Return to faith – overcoming scar of clerical abuse
Paul Zsebedics could never bring himself to throw away the T-shirt with a picture of Christ’s face that his mother gave him years ago.
Zsebedics was barely a practicing Catholic when he agreed to chaperone a group of high school students on a weekend retreat at the Franciscan University of Steubenville. He wore that old T-shirt.
In a metaphorical and literal sense, Zsebedics put on Christ for the first time.
Encountering Christ anew
“I think I did it because I knew I was going with others to this retreat who had something that I didn’t, and I was sort of hiding behind Jesus,” said Zsebedics, 52, a member of the Tampa Bay Chapter, and CEO of VoloForce, a software company.
On that weekend retreat several years ago, Zsebedics met Jesus in a deeply personal manner. Encountering Christ in a Eucharistic Adoration gathering, Zsebedics said the Lord physically intervened in his interior life.
“This was miraculous, not a metaphor,” Zsebedics said. “Jesus Christ reached into my chest with His hand. I actually felt it. He grabbed my heart. I gasped. That was it. My life was changed forever.”
As he later knelt down and wept, Zsebedics felt a peace envelop his entire body. Nothing in that moment would have been able to take that consolation away from him, not even the pain of being a sex abuse survivor.
Betrayed altar boy
“There is no amount of money that can ever heal the way that Jesus Christ can,” said Zsebedics, who was an altar boy in the third grade when he was sexually abused by one of his parish priests in Queens, New York.
After finishing their altar service training, Zsebedics said the priest escorted each of them separately into a bathroom in the sacristy, where he abused them. Not even 10 years old, Zsebedics and the other boy did not understand what had happened.
“Being in the third grade, you don’t know much about the world,” Zsebedics said. “At the time, it was confusing. The older you get, you see what’s going on and you begin to know what’s happening.”
Growing up with that horrible memory turned Zsebedics off to the Catholic Church, which he saw as having no moral authority, especially since his childhood parish — Our Lady Queen of Martyrs – turned out to be “an epicenter” of clergy sex abuse. Zsebedics’ own sister was abused by one of the parish priests.
“A lot of bad priests were brought there,” Zsebedics said. “A lot of altar boys and others who worked in and around the rectory were abused in one way or another by those priests, and the diocese covered it up for many years.”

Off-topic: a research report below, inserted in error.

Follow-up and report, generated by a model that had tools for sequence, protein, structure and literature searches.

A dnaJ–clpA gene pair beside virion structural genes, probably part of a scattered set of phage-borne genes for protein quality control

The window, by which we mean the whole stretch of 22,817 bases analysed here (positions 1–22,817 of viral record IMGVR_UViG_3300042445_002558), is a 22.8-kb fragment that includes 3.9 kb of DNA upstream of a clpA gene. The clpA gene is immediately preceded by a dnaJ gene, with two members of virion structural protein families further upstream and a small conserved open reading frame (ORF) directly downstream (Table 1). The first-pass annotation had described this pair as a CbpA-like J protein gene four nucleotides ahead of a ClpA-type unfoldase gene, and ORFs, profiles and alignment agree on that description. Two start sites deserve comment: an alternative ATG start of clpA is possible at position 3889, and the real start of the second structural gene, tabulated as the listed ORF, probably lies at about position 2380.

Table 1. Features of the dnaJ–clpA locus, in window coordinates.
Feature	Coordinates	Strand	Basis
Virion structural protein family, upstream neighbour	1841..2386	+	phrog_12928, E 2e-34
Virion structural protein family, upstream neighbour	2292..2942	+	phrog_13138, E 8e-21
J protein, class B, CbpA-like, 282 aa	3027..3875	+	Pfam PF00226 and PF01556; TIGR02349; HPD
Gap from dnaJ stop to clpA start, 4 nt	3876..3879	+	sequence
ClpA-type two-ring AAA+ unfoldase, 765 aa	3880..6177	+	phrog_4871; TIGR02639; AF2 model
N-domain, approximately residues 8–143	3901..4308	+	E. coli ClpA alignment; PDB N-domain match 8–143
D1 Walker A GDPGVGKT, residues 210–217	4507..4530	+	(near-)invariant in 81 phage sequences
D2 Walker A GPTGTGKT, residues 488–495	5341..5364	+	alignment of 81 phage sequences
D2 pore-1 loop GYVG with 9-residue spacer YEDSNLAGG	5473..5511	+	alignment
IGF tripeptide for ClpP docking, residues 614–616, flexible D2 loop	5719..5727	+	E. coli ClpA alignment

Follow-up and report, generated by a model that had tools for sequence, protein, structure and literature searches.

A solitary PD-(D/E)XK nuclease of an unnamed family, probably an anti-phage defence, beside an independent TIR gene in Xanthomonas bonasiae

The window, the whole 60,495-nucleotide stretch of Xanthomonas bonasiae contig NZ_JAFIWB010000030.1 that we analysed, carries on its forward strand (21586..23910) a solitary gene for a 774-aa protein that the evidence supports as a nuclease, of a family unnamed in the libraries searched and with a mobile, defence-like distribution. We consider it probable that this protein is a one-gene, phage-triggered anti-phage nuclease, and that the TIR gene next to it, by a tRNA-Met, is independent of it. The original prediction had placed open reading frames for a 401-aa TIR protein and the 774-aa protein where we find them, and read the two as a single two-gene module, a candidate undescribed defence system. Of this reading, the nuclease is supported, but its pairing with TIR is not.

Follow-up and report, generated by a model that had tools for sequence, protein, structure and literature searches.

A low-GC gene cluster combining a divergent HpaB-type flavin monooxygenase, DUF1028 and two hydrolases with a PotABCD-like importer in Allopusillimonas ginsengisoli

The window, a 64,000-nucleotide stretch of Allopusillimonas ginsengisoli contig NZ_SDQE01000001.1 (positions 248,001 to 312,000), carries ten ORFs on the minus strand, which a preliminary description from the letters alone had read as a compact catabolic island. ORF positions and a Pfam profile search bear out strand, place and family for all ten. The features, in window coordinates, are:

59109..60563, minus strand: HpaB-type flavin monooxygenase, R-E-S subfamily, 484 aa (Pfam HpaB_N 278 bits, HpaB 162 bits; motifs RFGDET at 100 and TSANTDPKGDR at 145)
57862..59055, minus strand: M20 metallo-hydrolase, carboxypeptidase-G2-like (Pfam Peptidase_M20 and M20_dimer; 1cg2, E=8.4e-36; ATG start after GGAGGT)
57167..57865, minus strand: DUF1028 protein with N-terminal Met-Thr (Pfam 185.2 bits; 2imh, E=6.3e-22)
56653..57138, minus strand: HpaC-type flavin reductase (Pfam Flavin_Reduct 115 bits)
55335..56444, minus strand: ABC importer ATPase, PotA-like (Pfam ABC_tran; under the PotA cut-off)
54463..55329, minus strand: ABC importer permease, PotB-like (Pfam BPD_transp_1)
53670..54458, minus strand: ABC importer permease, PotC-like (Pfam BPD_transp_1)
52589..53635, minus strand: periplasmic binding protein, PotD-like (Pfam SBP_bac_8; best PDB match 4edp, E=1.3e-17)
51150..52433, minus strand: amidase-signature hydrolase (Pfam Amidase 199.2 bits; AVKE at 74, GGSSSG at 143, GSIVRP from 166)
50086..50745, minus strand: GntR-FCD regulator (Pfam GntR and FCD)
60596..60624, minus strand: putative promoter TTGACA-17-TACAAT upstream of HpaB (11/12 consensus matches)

Damaged view of Church
The horrible experience also shaded Zsebedics’ view and understanding of sexuality for many years.
“Looking back, you bring this garbage everywhere you are in your life. You look at sexuality differently,” he said. “Back then in the 1970s, nobody talked about what sexuality is and how one is supposed to look at sexuality in general. You become numb. You try to figure it out and understand.”
As an adult, Zsebedics fell in love with Ellen, a young Pan Am flight attendant in New York with whom he would later elope. Ellen’s mother, a devout Catholic, arranged for the couple to meet with a priest and have their civil marriage convalidated.
Though he attended Catholic schools for 12 years, Zsebedics said he was “poorly formed” in the faith, and was not very supportive when Ellen, who was baptized Catholic but never received her other sacraments, enrolled in RCIA. When Ellen received Holy Communion for the first time, Zsebedics watched in bewilderment as she started crying.
Powerful return to faith
“All I can think of is why is this woman crying over this Jesus cookie?” Zsebedics said. “At the time, I was thinking, ‘She should be crying because she’s marrying the greatest man on earth, which is me.’”
Their parish priest subsequently encouraged the couple to complete “St. Louis de Monfort’s Way of Total Consecration to Jesus Through Mary.” Our Lady’s promise of drawing the soul closer to her son had its desired effect. Both had powerful conversion experiences.
“It changed the direction of our family,” Zsebedics said, adding that he and Ellen, who have been married 23 years in the Church, developed a prayer group with other families. Their family also grew.
Today, they have six children whose ages range from 9 to 27. Their 18-year-old son, Andrew, recently told them he plans to enroll in seminary to discern the priesthood.
Priceless gift of healing
“My wife and I were joyful that we had a son who was open to discernment,” said Zsebedics, who, though he was abused by a priest, encouraged his children to be open to the Lord’s call, even if that meant the priesthood.
Zsebedics also said he regularly prays for his abuser, who died in 2016. Zsebedics added that he has spoken with diocesan officials in New York to erect a shrine to St. Maria Goretti at Our Lady Queen of Martyrs Church to aid in the healing of sex abuse survivors.
“Bishops will often ask, ‘What can I do to help you heal?’ It’s very difficult when you tell them, ‘Absolutely nothing,’” Zsebedics said. “There’s not a dollar in the world that can actually make up for this priceless gift of faith and healing that we received through the Blessed Mother and her son, Jesus Christ in the Eucharist.” L B
BRIAN FRAGA is a Legatus magazine staff writer.